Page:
James Johnston Pettigrew, Confederate general, was born on July 4, 1828, at “Bonarva” in Tyrrell County, the son of Ebenezer and Ann Shepard Pettigrew. He was the grandson of Episcopalian bishop Charles Pettigrew. The eighth of nine children born to a wealthy planter family, James was educated at Bingham Academy in Hillsborough prior to entering the University of North Carolina at age fourteen. Highly gifted academically and intellectually, Pettigrew received the highest possible ratings in each of his four years at the school, and graduated as valedictorian of the class of 1847.
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Pettigrew excelled at mathematics and foreign languages, six of which he was reported to speak and read fluently including Hebrew and Arabic. Upon Pettigrew’s graduation President James K. Polk appointed a professor at the National Observatory. The head of the observatory, scientist Matthew F. Maury, referred to Pettigrew as “the most promising young man in the South.” Despite the accolades of his superiors, Pettigrew left the observatory after only six months to study law. From 1850 to 1852 he traveled in Europe and studied briefly at the University of Berlin.
Upon his return from Europe, Pettigrew joined the legal firm of James Louis Petigru, his father’s cousin, in Charleston. From 1852 until 1861, Pettigrew lived and worked in Charleston, immersing himself in the culture and social life of the city. In 1856 he was elected to the South Carolina state legislature, but his outspoken arguments against a series of bills that called for reopening the foreign slave trade ensured his failure in the succeeding election. Shortly after his defeat, Pettigrew again traveled to Europe and enlisted as a volunteer in Italy’s war against Austria. The war ended before he saw action, and Pettigrew spent the remainder of the year traveling in Spain. He published an account of his adventures the following year in Notes on Spain and Spaniards in the Summer of 1859, With a Glance at Sardinia.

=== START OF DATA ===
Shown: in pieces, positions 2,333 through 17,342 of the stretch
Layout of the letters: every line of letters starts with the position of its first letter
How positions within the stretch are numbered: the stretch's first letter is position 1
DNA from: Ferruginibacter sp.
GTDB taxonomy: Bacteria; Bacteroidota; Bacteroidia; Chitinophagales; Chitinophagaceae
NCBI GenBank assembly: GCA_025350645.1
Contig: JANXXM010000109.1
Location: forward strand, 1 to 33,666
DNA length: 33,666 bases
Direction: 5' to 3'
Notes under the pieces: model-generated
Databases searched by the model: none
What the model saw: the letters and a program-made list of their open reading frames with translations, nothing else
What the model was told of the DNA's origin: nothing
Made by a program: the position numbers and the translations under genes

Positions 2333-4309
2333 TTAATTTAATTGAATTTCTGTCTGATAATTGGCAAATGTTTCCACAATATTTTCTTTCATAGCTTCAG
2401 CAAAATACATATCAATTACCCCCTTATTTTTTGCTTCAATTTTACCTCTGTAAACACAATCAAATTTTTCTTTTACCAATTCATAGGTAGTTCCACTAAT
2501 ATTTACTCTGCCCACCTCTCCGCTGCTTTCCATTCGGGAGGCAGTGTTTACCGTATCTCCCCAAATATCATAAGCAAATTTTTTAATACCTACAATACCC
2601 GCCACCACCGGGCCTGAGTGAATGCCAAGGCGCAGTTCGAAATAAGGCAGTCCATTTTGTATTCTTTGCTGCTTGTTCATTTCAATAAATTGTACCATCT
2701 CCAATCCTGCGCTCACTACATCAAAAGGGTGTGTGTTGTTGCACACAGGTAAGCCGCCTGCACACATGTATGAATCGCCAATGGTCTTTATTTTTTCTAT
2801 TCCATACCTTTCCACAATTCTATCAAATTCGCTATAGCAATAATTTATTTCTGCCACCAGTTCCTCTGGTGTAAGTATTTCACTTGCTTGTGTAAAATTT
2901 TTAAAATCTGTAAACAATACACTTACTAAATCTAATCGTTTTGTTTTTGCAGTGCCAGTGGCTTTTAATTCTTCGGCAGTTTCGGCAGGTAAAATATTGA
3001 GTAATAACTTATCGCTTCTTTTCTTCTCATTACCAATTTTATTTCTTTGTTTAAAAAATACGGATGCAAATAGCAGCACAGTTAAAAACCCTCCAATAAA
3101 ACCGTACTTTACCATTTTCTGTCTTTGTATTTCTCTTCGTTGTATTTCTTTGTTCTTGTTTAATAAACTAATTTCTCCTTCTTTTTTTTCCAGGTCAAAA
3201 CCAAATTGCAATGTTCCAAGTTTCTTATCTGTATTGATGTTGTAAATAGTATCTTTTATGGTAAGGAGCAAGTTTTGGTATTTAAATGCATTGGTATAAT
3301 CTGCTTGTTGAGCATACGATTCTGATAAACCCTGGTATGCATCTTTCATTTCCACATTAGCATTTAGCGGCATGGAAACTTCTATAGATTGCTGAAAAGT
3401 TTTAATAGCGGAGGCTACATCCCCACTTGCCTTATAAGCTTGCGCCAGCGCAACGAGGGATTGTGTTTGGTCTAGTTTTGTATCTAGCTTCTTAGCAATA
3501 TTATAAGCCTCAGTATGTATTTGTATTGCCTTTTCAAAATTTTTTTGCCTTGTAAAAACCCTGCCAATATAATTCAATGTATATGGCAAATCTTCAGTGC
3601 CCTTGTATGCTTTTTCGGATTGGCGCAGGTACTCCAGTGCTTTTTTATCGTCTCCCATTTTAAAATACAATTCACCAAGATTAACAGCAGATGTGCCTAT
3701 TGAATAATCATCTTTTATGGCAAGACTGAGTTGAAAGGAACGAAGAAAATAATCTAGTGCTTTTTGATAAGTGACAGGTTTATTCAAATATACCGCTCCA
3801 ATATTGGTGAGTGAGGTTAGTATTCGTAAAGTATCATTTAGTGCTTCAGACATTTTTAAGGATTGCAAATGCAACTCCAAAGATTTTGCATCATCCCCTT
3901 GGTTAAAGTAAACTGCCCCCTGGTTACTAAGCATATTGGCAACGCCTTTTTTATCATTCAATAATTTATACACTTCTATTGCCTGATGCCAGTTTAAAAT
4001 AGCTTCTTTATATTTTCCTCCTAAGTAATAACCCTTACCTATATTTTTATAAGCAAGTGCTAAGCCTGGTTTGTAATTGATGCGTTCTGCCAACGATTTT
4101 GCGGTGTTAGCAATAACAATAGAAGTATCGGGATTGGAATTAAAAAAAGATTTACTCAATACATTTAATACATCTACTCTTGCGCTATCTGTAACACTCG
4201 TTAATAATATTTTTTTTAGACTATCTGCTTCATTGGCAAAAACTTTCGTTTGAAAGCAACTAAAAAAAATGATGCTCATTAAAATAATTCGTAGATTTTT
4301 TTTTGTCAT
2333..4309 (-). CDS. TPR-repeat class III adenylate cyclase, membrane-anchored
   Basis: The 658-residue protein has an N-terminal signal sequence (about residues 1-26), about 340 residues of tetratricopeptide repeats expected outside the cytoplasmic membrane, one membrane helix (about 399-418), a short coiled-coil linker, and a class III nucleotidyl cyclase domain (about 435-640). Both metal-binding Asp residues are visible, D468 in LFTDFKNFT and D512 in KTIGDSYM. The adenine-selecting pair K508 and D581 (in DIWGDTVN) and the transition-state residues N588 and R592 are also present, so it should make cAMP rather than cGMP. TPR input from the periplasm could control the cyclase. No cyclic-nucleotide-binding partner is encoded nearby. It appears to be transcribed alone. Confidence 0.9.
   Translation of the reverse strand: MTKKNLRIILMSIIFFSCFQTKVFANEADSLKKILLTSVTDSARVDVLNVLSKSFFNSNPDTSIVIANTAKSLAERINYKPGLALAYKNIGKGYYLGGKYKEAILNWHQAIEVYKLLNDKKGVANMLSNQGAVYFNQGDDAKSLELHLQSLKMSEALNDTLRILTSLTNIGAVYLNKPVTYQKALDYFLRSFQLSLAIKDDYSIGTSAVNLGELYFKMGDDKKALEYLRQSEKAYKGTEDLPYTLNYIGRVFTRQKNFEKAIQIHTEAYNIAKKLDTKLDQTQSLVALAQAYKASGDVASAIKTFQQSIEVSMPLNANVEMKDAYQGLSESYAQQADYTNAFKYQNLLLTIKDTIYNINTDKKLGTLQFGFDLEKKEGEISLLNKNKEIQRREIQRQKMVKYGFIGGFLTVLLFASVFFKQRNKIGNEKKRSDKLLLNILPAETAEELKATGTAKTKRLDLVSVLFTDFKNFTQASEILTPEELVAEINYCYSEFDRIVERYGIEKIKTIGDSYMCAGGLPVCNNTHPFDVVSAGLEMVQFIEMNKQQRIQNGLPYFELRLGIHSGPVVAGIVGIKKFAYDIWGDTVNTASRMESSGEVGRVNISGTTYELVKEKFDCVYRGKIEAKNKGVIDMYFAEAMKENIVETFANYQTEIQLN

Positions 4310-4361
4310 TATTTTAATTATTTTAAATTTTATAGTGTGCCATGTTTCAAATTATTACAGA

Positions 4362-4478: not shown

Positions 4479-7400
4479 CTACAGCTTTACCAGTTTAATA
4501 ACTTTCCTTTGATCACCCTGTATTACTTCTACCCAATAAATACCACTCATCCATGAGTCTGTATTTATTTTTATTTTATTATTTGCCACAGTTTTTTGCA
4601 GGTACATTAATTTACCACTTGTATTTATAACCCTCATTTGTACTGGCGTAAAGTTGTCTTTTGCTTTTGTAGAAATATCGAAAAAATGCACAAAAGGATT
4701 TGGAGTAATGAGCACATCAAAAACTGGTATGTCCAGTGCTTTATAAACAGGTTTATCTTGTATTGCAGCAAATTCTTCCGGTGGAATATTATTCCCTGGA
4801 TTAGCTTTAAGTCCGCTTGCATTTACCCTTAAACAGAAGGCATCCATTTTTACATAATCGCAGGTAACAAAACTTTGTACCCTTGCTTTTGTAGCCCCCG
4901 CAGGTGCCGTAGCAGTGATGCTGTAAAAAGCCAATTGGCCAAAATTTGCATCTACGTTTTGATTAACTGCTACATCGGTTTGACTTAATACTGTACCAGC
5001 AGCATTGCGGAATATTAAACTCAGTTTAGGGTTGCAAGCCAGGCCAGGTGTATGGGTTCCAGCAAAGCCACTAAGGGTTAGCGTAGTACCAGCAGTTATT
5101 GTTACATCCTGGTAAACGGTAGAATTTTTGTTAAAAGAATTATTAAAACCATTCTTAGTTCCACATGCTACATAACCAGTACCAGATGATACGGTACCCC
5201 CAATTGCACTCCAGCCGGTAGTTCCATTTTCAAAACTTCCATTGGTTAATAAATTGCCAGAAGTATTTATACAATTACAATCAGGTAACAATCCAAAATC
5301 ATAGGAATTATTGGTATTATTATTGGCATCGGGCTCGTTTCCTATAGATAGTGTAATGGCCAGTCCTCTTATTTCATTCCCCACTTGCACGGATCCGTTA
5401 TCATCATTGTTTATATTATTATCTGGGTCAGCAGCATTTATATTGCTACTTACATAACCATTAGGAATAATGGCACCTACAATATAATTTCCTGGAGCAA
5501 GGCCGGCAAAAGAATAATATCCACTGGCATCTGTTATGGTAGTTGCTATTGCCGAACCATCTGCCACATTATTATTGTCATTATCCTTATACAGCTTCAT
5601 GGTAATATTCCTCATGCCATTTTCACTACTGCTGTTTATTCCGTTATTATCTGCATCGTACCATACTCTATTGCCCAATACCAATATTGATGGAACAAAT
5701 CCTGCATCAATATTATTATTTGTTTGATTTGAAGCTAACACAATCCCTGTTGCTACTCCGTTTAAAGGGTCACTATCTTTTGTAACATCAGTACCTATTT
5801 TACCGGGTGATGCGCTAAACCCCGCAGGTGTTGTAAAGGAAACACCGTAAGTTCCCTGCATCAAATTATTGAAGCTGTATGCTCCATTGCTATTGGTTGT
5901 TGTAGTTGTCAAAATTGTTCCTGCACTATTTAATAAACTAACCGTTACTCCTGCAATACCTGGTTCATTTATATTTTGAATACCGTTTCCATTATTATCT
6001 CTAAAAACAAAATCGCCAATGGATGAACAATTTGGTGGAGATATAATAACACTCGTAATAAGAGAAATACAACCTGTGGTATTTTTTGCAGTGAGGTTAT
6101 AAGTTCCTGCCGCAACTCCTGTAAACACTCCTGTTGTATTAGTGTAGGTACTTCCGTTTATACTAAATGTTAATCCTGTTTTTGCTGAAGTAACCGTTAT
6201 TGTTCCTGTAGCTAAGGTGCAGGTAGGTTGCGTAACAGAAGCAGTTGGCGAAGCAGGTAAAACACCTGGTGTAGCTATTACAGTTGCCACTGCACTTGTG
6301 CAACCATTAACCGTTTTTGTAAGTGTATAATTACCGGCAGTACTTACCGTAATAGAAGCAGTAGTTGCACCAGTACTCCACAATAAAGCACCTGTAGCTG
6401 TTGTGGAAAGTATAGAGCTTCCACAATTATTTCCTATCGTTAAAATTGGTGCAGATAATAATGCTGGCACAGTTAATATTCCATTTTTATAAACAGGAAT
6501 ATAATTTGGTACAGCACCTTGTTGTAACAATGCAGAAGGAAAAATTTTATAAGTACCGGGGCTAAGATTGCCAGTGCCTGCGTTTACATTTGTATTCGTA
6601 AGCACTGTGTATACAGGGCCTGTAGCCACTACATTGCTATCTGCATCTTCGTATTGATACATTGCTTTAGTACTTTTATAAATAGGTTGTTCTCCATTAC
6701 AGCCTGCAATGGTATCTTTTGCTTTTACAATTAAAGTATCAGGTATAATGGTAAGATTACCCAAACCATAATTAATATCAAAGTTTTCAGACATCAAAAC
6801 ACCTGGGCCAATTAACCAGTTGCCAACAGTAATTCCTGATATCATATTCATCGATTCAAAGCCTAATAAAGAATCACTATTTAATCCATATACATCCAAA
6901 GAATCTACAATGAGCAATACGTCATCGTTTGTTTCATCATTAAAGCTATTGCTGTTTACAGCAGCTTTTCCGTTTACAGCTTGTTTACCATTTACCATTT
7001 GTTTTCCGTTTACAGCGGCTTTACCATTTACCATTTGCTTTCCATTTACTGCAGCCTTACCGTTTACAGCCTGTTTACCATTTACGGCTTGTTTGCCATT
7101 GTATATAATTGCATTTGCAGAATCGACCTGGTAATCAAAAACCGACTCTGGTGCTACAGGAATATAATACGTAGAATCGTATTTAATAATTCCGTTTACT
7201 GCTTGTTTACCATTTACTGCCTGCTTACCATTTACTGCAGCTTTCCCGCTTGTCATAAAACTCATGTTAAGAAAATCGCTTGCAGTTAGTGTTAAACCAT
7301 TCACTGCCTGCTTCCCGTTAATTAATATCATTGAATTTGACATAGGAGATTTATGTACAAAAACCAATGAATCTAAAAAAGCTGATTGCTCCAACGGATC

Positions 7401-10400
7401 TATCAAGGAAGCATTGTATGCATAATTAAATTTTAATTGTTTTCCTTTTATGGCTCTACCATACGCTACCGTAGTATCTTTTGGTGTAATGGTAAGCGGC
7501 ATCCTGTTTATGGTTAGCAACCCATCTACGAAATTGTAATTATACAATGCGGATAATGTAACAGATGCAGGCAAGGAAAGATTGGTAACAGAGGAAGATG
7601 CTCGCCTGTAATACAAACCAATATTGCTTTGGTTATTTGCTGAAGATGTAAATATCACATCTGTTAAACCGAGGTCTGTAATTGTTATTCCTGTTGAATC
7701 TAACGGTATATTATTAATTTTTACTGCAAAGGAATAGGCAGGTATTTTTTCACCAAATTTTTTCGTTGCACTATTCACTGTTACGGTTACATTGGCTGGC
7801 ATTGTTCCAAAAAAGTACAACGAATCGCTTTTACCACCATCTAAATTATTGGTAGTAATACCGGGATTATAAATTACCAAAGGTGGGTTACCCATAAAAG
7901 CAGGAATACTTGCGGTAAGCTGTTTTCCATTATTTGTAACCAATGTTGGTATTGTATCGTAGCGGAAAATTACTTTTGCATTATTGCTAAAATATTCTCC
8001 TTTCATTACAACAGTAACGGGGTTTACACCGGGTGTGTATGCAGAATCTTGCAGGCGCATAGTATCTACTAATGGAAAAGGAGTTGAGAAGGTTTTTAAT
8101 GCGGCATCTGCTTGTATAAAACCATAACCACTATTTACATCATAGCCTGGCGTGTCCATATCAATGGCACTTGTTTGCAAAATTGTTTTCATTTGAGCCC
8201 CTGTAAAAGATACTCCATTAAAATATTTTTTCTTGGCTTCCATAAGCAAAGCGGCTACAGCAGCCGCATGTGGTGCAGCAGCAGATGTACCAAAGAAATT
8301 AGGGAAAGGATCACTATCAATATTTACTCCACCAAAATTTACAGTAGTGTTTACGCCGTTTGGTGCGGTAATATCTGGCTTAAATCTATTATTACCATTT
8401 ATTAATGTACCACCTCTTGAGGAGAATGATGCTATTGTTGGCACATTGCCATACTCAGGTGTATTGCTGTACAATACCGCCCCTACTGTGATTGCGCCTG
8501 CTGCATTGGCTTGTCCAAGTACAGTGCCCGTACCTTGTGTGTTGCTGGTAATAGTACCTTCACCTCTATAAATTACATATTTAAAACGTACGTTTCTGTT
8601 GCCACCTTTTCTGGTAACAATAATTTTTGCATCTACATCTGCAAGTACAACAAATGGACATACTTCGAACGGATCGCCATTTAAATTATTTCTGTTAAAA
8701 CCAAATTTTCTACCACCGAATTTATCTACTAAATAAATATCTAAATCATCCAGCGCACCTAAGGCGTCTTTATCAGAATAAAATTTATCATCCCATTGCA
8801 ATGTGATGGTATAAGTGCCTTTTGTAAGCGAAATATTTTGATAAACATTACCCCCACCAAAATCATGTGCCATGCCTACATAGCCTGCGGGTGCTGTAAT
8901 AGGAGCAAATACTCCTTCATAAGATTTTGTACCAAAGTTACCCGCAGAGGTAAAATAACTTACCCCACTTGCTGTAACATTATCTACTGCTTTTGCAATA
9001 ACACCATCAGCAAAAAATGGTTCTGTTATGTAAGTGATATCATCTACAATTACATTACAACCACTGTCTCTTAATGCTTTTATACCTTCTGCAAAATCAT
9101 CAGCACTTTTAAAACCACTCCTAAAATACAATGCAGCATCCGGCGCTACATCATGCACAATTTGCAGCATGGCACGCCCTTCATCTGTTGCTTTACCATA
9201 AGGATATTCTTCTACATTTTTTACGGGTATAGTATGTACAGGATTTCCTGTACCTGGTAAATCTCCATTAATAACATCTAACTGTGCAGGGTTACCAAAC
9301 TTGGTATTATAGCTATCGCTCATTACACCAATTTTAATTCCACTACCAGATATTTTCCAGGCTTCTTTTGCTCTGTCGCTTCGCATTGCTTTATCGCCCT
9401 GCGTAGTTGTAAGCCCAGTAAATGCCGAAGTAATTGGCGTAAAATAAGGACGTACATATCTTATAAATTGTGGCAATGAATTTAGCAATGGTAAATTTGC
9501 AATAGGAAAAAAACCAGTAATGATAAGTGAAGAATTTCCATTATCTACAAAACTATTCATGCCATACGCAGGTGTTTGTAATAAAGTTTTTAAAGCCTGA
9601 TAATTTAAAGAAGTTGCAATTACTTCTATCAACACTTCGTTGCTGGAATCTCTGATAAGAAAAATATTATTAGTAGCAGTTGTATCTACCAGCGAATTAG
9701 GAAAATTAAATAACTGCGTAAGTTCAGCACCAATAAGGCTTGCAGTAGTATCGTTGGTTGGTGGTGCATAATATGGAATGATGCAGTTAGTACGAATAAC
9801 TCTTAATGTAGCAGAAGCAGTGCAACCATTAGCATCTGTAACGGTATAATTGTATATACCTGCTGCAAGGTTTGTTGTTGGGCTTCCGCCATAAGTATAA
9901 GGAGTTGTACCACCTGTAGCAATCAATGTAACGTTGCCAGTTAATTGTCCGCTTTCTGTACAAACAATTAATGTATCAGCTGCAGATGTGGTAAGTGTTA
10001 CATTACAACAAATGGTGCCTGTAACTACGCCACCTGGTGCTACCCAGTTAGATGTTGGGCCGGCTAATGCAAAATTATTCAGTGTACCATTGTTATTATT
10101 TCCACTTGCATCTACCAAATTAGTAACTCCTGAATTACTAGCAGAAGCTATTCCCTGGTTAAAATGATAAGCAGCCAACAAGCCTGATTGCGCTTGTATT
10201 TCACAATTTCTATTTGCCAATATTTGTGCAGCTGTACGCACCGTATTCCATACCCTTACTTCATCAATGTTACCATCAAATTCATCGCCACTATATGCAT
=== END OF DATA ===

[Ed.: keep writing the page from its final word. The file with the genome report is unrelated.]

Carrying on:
When South Carolina seceded in the fall of 1860, Pettigrew was appointed military advisor to Governor Francis Pickens and elected colonel of the 1st South Carolina Rifles. On December 27, 1860, Pettigrew hand-delivered the governor’s demand to the garrison commander of Fort Sumter that he withdraw his forces. He and his regiment then marched to Castle Pinckney, which they garrisoned until the siege of Fort Sumter ended in April.
In August 1861, Pettigrew was elected colonel of the 22nd North Carolina Infantry, which he led until he was severely wounded at Seven Pines in May 1862. Shot in the throat and shoulder, Pettigrew refused to leave the field, and was subsequently shot a third time in the arm, and bayoneted in the leg while incapacitated. Taken prisoner, he survived his wounds and was repatriated. For his courage, Pettigrew received a promotion to brigadier general and given a command consisting of the 11th, 26th, 47th, and 52nd North Carolina Infantry regiments.
In May 1863, Pettigrew’s brigade joined General Robert E. Lee’s Army of Northern Virginia for the Pennsylvania Campaign. Over the three days of the battle, July 1-3, Pettigrew led his men in ferocious fighting at Gettysburg. On the third day of the battle, Pettigrew’s brigade participated in the Pettigrew-Pickett Charge in the course of which he was wounded in the hand. His brigade suffered the highest losses of any unit in the entire Confederate army at Gettysburg. Eleven days later Pettigrew was shot in the stomach in a minor skirmish at Falling Waters, Maryland. He died three days later at Bunker Hill, West Virginia. He is buried at his family’s plantation, “Bonarva.” Collett Leventhorpe who commanded a regiment in Pettigrew’s brigade, remarked that he never met a man “who fitted more my ‘beau ideal’ of the patriot, the soldier, the man of genius, and the accomplished gentleman.”
Clyde Wilson, Carolina Cavalier: The Life and Mind of James Johnston Pettigrew (1990)
Sarah M. Lemmon, ed., The Pettigrew Papers, II (1988)
William S. Powell, ed., Dictionary of North Carolina Biography, V, 77-79—sketch by Clyde Wilson
Ezra Warner, Generals in Gray (1959)